TLDR – I’m a nerd and track my day to the 5-minute increments. New commute time will be nearly the same as old one. Coal Creek trail was a great run.
Tracking My Day
Running is one of the few selfish personal time things I commit to on a regular basis. Time with my family and giving momma breaks from the kids are much higher on my time priority list then person time for myself is. Long term running should make me better shape and result in more time, and I snuck into my day by giving up the shower at home and leaving a but earlier to work. – Looking back at my day I’m trying to determine what my new running time budget needs to be now that work moved me to a new building in Bellevue. Previously I’d leave the house between 10-10:45 to allow enough time and traffic buffer to drive to work, run, shower, and make it to my desk before the 13:00 shift start bell. Hoping the move will have a similar time cost.
Luckily I track the snot out of my day and I’m able to fairly easily create an accurate timeline of the day to math the number budget. Fitbit’s step data provides a fairly clear minute by minute outline of when I did things based on movement, or lack thereof. The Microsoft Band data for step count is laid out in hourly blocks and is mostly useless for this type of analysis. In addition to Fitbit, I also consulted with Mint for a credit card transaction time stamp for my fuel stop at Costco, I looked at goodtogo to see when I crossed the narrows bridge, but they appear to have not captured my crossings this week; major bummer, and I checked Outlook to see when I was and was not sending emails to verify run start and end, and arrival at my full booted up laptop keyboard to send emails.
Home to Costco to Coal Creek to Work to Desk timeline
Based on the data I gathered I came up the following time from home to work:
- 10:10 – Stuffed myself in the car and the kids pushed me out the driveway.
- 10:14 – Filled the insights fuel tank – (Double checked this with Mint because Costco instantly hits your credit card)
- 11:30 – Arrived at the Coal Creek trail head for my run (32 minutes of trail running, then swapping shoes, drinking water, and getting back in the car)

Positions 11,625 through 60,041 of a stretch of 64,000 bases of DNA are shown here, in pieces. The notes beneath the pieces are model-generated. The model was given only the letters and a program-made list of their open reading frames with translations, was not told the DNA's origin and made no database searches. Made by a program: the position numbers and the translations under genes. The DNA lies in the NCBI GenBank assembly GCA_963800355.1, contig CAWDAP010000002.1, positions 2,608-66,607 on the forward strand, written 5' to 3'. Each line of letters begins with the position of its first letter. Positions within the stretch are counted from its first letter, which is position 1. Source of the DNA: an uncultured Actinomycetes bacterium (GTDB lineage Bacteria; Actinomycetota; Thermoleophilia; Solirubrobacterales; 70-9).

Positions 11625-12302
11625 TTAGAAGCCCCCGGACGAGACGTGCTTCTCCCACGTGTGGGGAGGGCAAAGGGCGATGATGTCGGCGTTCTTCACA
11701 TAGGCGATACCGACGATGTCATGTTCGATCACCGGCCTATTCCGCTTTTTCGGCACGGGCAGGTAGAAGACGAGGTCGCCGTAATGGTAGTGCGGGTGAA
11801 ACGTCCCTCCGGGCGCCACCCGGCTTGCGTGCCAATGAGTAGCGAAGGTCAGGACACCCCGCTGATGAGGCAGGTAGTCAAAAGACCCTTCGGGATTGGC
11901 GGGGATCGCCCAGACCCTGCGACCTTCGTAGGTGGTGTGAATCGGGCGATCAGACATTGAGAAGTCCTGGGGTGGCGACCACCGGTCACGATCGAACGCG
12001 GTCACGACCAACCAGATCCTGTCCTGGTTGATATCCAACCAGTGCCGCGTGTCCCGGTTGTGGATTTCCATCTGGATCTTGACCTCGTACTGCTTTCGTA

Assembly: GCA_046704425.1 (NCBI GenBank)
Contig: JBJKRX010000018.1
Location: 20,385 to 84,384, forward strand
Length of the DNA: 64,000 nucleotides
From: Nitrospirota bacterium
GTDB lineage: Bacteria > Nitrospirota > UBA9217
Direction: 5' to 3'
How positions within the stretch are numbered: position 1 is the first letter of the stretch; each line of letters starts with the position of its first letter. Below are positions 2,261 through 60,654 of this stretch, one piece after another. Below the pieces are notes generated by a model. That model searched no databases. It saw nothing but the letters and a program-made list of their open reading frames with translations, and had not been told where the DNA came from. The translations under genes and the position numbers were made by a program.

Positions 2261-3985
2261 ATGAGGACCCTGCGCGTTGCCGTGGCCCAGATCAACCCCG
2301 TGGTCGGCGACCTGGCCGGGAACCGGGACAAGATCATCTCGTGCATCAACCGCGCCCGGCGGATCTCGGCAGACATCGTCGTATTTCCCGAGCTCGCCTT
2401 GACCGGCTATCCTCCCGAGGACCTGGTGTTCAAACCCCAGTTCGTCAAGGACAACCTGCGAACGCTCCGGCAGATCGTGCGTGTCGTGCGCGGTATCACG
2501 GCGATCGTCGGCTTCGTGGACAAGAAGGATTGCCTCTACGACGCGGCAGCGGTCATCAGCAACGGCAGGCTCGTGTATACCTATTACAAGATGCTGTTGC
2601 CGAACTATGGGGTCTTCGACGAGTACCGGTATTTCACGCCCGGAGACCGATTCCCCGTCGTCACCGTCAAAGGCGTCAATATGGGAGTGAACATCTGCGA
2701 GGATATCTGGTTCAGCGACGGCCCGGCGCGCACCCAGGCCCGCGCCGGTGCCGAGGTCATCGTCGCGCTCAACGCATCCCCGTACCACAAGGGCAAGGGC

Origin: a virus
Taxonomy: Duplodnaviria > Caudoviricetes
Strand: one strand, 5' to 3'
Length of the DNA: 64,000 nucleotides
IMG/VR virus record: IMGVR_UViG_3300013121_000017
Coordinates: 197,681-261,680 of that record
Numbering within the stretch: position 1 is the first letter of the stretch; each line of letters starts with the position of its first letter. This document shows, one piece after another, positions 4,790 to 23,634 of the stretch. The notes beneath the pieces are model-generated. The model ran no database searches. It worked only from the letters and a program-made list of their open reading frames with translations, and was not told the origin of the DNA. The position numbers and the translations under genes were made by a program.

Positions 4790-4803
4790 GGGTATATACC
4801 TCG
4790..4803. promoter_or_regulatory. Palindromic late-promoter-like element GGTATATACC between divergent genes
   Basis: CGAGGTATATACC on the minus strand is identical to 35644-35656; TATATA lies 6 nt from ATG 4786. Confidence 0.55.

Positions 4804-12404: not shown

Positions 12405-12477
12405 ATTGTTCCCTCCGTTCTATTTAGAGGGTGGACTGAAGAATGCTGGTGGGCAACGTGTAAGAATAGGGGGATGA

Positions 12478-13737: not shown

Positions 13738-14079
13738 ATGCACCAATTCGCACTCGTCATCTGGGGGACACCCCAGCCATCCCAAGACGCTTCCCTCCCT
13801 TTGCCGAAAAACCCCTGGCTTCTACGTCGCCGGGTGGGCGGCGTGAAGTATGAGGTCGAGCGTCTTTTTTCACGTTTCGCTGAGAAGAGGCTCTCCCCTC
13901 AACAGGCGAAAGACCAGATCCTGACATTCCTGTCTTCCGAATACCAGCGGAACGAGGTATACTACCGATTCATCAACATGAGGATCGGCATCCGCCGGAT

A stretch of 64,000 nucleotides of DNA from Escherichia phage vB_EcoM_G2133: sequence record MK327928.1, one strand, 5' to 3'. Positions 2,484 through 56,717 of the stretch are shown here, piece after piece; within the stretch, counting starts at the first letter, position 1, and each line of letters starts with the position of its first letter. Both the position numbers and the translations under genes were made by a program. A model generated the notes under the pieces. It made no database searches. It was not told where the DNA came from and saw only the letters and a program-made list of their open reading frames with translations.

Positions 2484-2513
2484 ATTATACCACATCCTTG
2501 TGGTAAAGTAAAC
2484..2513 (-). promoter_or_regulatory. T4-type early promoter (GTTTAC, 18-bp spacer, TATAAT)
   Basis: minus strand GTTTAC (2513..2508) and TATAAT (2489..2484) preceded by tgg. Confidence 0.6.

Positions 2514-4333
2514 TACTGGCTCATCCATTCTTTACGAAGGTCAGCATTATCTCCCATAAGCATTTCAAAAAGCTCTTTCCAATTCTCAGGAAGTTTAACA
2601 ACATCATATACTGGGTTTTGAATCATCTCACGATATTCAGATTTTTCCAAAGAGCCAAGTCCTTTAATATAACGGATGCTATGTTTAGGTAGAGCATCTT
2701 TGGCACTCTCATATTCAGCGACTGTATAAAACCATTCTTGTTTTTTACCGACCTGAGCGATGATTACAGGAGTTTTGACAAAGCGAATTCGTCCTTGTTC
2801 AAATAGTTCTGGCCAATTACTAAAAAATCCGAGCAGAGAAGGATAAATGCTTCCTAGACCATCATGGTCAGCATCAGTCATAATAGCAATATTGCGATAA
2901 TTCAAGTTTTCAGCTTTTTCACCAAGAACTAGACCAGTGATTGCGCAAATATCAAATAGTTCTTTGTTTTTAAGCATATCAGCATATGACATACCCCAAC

- 12:10 – Back in the car headed for Bravern
- 12:25 – Managed the 21 asshole speed bumps to subbasement level 7 of Bravern and went for a shower (tracked myself, 10 minutes to the building, but I made a wrong turn. I’ll do better tomorrow)
- 12:40 – Leave the shower and take the stairs down to the car for my pack
- 12:48 – Arrive at my desk on the fourth floor to set it up (one-time event after moving)
- 12:57 – sent my first email outlook vs. my phone (tracked with sent items in outlook)
In the Fife /Milton area of I5 I check a “it will take you X minutes to get here” sign to gauge my future commute speed. On a light day it will say 2X(starts with 2 ends with a number) minutes to Bellevue, normal day is 3X minutes to Bellevue, today the time started with a 4 indicating lame heavy traffic.
Based on the above timeline, a fuel a day will take me between 2 hours and 20 minutes and 2 hours and 45 minutes. The fuel stops costs me about 15 minutes, so a normal day should cost me between 2 and 2 and a half hours to make it work, run, shower, and find my desk. Which is within a 15 minute plus or minus variance of what it was taking me to drive to Redmond and run around campus.
Analysis Result – Budget the same commute time for new building vs. old building with a stop at Coal Creek to run
Coal Creek Trail Running
For the past 10 months or so I’ve been running on the nice gravel trails around the Microsoft Redmond campus. Moving to Bravern in down town Bellevue means no more gravel running trail next to my building. I’ve honestly had some anxiety about not have access to the running trails and invest time into finding a valid alternative. Checking the internets and satellite photos and chatting with peeps, the best I’ve been able to find for a non-paved trail close to my commute corridor is the Coal Creek trail system near New Castle off of I405. My back up vision is trail system on a 320-acre lot of state school land next to the freeway on ramp near our home.
For the near future, Coal Creek was an awesome run I’ll enjoy running, so I doubt I’ll need the backup; come winter or a few months from now things might change. Coal Creek starts off gravel then changes to packed mud and soil which was super comfortable to run on. The trial had some nice elevation gains to climb that I could defiantly feel in my legs. Looking back at the run tracking data after my run I was a bit surprised to find out a campus loop was move elevation gain then todays run at Coal creek. Coal creek has steep gains, and campus is more gradual less noticeable gains must be why.
Another bonus of the Coal Creek train is that it was almost completely shaded in the trees. On campus I wear sun glasses when I run. Don’t think I’ll be needed them on Coal Creek. The UV data from Band shows a 16 minute UV exposure difference, which my eyes noticed. Much slower on Coal Creek because of the hills, but it kept my heart rate better.
Coal Creek run today on my new trail.
Last day on campus, yesterday, until we move back next year.
Pictures and smells
Coal creek trail has a number of bridges over the creek made out of what smell like creosote soaked timbers. The smell brought me back to some child hood memories helping dad building retaining walls with old railroad ties. Smells sure do have some super powers. Look at the pretty bridge.
Sun glasses on my head sweat on my face
Bridge picture without my sweaty face blocking the view.
Just for the fun of it I took a picture in the car today to send to Jer Jer to prove I had more % of something then he did. I call this shot Thor the Kev
New space at work- there is a pink tag on my chair
View out the window from Wes’s desk next to me by the wall
View from break room while snacking on my bowl of broccoli for lunch.